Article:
Written by Andria Cheng
Coronavirus has sent consumers panic buying and hoarding groceries and other household staples and made the world united in germaphobia. It looks like it may also be tilting the power pendulum back in favor of traditional CPG giants against upstarts.
In one telling sign, consumer products giant Procter & Gamble PG on Friday reported a better-than-expected 6% increase in organic sales, which exclude acquisitions and other items, in the fiscal third quarter that ended March 31.
Organic sales surged 10% in the U.S., its largest market. In contrast, the Commerce Department on Wednesday reported that March retail sales had plummeted 8.7% from February as increased online orders and a 27% surge in grocery store sales weren’t enough to offset plunges at non-essential retailers including clothing stores, department stores, and furniture and home furnishings outlets that have been ordered by many local governments to close.
P&G, which makes everything from Tide detergent and Dawn soap to Bounty paper towels and Swiffer wipes, saw its fabric and home care unit sales surge 10% while health care items rose 9%. Demand for Pampers diapers and other baby, feminine and family care items rose 7%.
“Consumers in the U.S. are doing more laundry loads per week and washing more garments after wearing them just once,” Jon Moeller, P&G’s chief operating officer and chief financial officer, said on a conference call Friday, adding that the company has seen “a spike in demand for Tide Antibacterial Spray.” “More loads are being done with unit-dose detergents.”
The frequency of doing dishes has also increased as families eat more meals at home and are more concerned about the hygiene of their dishes, glasses and silverware, Moeller said, adding that consumers now favor “a disposable cleaning solution.” That pattern has contributed to the increased use of Bounty, Swiffer and Mr. Clean products.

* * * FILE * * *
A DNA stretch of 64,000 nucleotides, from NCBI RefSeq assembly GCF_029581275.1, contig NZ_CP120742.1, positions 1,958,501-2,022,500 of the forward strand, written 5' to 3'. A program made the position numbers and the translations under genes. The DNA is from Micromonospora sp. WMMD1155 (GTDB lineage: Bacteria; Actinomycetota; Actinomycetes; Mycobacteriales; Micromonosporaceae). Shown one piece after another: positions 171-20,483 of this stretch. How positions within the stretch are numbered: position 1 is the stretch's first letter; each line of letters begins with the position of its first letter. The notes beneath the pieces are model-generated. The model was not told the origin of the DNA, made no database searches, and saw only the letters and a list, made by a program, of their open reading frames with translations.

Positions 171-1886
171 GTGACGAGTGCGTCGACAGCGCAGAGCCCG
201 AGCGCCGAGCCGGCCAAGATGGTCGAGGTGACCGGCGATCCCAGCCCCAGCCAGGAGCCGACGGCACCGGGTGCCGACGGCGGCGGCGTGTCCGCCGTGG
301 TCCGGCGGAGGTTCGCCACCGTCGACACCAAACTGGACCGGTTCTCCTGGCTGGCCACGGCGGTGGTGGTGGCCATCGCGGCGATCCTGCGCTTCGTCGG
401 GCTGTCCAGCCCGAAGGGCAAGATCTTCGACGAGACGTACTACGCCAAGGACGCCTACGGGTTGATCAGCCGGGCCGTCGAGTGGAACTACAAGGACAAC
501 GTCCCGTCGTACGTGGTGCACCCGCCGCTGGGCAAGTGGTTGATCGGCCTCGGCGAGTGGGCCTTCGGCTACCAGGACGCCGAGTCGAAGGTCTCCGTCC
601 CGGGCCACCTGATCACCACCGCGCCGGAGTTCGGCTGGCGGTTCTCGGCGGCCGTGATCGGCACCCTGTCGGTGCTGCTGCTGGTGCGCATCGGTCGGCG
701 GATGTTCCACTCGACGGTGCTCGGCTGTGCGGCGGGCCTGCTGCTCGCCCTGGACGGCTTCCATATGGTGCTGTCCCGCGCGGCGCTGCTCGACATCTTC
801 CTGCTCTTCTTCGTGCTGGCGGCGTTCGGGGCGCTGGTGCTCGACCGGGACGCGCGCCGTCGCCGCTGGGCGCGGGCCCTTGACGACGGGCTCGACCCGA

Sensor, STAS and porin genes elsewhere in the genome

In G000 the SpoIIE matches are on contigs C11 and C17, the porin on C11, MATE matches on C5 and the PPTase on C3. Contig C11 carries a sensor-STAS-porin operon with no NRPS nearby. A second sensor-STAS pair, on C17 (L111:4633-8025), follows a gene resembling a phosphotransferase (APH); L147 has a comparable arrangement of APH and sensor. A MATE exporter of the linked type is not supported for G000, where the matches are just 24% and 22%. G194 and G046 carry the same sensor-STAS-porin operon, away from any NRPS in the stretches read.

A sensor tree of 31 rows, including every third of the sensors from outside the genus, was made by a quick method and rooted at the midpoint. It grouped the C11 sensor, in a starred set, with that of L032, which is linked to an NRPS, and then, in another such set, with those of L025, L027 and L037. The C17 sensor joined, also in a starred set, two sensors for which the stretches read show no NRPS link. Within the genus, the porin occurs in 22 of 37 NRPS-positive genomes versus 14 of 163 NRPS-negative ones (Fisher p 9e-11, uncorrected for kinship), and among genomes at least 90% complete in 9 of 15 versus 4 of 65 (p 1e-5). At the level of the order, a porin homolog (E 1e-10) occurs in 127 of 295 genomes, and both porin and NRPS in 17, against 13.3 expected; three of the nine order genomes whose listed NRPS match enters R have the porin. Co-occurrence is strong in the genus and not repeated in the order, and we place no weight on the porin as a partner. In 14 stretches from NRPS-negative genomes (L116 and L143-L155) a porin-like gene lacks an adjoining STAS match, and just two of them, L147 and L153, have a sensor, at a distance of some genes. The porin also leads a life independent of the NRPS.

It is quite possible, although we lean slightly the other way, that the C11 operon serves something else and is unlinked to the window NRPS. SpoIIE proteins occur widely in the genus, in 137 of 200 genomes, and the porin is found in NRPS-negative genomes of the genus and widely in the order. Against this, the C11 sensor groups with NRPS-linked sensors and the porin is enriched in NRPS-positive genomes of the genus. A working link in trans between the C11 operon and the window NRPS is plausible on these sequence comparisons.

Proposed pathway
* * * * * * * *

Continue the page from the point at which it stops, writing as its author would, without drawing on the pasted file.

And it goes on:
P&G, which also makes Vicks vaporizers, has picked up market share on many in-demand items, including respiratory products, Olay moisturizers, Oral-B electric toothbrushes, Dawn and Cascade dish detergent, Crest toothpaste, and Gillette blades and razors, Moeller said.
“Consumption of our products is not likely to dissipate,” he said. “We will serve what will likely become a forever-altered health, hygiene, cleaning focus. … There is potential for increased preference for established, reputable, dependable brands that solve newly framed problems better than other alternatives, potentially less experimentation.”
He may be right. Surveys have shown consumers have begun to significantly cut back on discretionary spending, with 22 million Americans having filed for unemployment benefits in the past four weeks.
Hunkering down at home and stocking up on pantry items have sent consumers back to shopping in the center aisle of supermarkets, buying items from Campbell soup to canned beans. In my store visits, I repeatedly observed an interesting contrast: empty shelves of soaps, sanitizing wipes and other products with antibacterial claims next to still-well-stocked counterparts with natural ingredients that were not long ago seen as more desirable.
Why? Consumers want brands they know will offer “the experience” they seek because they don’t want to risk wasting money, Modi said. Another key reason? Bigger brands have “supply chains that enable better availability,” he said.
That, at a time when toilet paper, sanitizing wipes and other household items can still be hard to find, may keep shoppers going back to the giants.
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